Google's Nexus 7 TV Spot Tops Apple's 'Genius' Ads in Effectiveness

Ads Demonstrate How a Tech Product Can Make Life Better

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Google is making better Apple ads than Apple.

Apple's latest slate of TV ads may have had a chilly reception, while Google seems to be grabbing a page from its rival's historical playbook in a new TV spot for its tablet Nexus 7 by showing how a tech product can make life better.

Google's "Camping" ad debuted on July 25 and has since aired during the Olympics broadcast. It shows a father and his young son on a camping trip, where they use a Nexus 7 as a compass, a flashlight, to play chess in their tent when it's raining, and to read the novel "The Little Prince" before going to sleep. The minute-long ad was the most-effective TV spot to break in the last week and the most-effective technology spot in the last 90 days, according to the ad research firm Ace Metrix, which measures effectiveness of ads by showing them to 500 consumers and scoring them in areas such as persuasiveness and likelihood of watching again. (It scored 662 out of a possible 950.)

Google is again adroitly pulling at the heartstrings with "Camping," as it has in recent TV spots such as the Chrome browser showcases "Dear Sophie," where a father digitally chronicles his daughter's early years, and "Coffee," where a man asks his ex for another chance. But "Camping" scored particularly high because of its demonstration of product utility, a typical strength of Apple's, according to Jonathan Symonds, Ace Metrix's exec VP-marketing.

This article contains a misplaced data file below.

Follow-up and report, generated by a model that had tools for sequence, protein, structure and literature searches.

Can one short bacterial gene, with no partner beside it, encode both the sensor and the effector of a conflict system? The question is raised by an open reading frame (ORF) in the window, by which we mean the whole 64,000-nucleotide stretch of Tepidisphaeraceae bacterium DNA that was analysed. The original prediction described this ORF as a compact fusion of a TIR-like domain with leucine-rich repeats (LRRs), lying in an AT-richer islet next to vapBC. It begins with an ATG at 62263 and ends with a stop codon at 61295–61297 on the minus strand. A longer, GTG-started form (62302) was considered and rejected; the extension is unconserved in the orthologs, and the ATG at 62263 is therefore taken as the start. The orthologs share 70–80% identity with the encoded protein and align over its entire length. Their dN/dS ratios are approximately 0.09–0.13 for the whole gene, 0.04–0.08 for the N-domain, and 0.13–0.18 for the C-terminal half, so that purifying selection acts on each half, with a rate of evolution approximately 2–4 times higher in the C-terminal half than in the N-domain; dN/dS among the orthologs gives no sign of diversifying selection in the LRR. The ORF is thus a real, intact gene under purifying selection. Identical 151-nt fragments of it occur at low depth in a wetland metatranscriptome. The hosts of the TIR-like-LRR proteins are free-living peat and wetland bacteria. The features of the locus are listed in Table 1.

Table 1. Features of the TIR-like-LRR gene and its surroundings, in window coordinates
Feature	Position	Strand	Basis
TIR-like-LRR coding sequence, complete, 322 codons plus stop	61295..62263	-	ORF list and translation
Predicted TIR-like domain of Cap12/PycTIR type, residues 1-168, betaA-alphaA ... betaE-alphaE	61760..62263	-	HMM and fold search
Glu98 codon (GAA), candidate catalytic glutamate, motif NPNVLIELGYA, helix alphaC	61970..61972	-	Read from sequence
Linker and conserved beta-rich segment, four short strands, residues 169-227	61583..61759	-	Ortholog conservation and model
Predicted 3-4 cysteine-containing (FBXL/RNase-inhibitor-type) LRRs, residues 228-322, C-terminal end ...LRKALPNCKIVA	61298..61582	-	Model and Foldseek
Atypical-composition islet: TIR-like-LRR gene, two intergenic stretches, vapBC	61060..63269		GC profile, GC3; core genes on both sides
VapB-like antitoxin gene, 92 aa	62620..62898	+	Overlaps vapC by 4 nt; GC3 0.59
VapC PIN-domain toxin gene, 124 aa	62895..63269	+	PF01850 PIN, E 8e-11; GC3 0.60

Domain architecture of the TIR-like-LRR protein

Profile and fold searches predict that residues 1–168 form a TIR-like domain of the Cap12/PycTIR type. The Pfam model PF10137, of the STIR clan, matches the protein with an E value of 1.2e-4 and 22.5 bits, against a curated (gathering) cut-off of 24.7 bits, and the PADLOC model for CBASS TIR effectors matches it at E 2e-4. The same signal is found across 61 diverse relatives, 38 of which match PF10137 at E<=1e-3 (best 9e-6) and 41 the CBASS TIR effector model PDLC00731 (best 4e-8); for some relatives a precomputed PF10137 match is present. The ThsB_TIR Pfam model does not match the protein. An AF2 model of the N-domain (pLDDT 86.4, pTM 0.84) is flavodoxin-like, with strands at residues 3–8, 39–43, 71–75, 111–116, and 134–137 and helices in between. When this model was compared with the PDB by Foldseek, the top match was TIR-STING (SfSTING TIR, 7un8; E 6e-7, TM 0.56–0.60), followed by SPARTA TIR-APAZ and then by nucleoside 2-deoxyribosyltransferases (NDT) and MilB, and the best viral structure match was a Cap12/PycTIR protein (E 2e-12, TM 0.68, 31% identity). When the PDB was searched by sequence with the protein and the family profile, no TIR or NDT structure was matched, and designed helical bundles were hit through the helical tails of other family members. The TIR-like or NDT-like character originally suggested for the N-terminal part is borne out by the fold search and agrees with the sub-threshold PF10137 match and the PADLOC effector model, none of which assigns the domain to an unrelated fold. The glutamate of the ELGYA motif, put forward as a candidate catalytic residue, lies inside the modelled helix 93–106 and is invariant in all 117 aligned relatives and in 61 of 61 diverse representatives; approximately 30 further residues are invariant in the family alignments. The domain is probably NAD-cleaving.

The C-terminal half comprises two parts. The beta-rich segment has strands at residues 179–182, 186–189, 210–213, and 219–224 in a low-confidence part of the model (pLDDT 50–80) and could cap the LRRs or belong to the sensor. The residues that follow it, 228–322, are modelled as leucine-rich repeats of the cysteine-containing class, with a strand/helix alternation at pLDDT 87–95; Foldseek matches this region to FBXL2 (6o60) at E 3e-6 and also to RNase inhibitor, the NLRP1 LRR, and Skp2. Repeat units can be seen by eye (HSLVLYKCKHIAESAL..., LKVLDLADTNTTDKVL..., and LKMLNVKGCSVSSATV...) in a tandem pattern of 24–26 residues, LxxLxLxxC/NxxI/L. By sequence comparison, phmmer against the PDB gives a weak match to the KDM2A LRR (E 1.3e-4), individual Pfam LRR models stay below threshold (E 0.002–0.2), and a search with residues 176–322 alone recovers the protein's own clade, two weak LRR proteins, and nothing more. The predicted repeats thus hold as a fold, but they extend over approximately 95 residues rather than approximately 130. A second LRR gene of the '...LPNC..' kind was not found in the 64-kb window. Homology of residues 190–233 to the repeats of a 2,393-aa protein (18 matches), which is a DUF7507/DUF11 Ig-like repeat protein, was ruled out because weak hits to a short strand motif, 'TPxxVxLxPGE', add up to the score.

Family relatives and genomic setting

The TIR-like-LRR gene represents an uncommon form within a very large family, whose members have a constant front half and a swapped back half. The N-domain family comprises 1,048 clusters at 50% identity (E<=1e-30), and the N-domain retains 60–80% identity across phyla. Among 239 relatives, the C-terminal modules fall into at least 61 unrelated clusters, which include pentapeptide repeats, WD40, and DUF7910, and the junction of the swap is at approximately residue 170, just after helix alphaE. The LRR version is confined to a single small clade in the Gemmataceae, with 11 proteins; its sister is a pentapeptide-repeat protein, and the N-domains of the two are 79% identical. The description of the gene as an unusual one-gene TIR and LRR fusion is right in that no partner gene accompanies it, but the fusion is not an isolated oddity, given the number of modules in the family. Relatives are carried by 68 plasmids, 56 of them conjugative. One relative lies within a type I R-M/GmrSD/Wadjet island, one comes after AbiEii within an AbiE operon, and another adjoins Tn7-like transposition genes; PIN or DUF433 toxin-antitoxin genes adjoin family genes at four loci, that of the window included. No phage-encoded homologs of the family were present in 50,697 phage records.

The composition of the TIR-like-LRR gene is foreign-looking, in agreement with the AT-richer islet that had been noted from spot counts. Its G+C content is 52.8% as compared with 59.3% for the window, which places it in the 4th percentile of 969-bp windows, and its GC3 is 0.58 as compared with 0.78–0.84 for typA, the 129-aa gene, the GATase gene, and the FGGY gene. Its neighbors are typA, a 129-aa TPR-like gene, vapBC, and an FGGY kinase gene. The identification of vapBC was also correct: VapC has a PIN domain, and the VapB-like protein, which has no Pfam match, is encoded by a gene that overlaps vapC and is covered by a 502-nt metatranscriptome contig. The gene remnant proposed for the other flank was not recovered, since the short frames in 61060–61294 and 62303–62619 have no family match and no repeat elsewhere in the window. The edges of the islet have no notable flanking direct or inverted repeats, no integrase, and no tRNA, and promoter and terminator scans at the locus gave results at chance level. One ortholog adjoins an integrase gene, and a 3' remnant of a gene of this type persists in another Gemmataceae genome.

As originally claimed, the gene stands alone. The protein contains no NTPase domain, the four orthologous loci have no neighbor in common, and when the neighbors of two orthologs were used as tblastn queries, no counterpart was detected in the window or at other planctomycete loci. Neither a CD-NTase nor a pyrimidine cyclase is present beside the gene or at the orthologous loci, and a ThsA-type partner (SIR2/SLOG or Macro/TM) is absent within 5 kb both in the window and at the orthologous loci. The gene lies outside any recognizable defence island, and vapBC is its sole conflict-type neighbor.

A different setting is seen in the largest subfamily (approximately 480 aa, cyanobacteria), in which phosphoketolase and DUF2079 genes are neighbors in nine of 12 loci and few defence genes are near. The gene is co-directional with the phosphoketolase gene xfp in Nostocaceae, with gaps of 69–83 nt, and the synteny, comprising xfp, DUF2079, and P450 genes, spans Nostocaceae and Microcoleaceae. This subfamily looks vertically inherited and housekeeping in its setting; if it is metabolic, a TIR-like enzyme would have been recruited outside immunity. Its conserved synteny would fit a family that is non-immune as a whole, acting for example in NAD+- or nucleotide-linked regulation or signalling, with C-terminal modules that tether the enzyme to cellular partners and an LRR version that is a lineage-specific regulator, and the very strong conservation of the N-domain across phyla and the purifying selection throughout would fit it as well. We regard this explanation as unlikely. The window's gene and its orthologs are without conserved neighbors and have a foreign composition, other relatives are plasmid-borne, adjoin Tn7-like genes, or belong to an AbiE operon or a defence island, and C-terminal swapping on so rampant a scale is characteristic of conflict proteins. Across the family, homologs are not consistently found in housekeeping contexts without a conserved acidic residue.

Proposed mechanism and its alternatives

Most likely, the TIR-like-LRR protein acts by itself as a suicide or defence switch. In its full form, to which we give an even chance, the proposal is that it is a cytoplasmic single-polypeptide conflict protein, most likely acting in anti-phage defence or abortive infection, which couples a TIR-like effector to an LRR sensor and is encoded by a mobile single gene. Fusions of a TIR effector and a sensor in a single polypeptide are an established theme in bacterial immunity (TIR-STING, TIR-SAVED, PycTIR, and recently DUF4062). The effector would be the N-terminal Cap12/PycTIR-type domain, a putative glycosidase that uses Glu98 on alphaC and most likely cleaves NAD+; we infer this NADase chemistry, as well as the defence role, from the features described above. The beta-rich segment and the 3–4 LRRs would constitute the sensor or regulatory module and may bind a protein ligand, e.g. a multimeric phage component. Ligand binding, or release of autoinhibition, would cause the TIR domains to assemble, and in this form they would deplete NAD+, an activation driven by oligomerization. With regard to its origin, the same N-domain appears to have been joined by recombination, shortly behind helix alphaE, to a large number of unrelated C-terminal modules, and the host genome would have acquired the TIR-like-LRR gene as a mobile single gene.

"Google has taken their strong emotional appeal and married that with strong product demonstration," Mr. Symonds said.

In recent years, Apple's ads have relied on demonstrating product functionality, especially in spots for the iPhone where the phrase "There's an app for that " first surfaced. That concept extended to the latest iPhone 4S ads, where Zooey Deschanel, Samuel L. Jackson, John Malkovich and Martin Scorsese show consumers how to use the voice-controlled personal-assistant function Siri. (The ads were widely panned for being elitist and out of step with the 99%, but Ace Metrix contended that consumers liked them when they debuted in the spring.)

However, the latest Apple ads focus on a service instead of a product, showing an eager-beaver Genius Bar employee assisting hapless consumers on a plane, on the street and in the entrance to his apartment. They've been a "mixed bag," according to Mr. Symonds, who said the ad taking place on the street scored in the bottom quintile, while the one on a plane was in the upper-middle quintile.

Meanwhile, Google's "Camping" is its first hardware TV ad since 2010, when it aired a spot to promote the Nexus One phone. Mullen, San Francisco, is the agency behind it.

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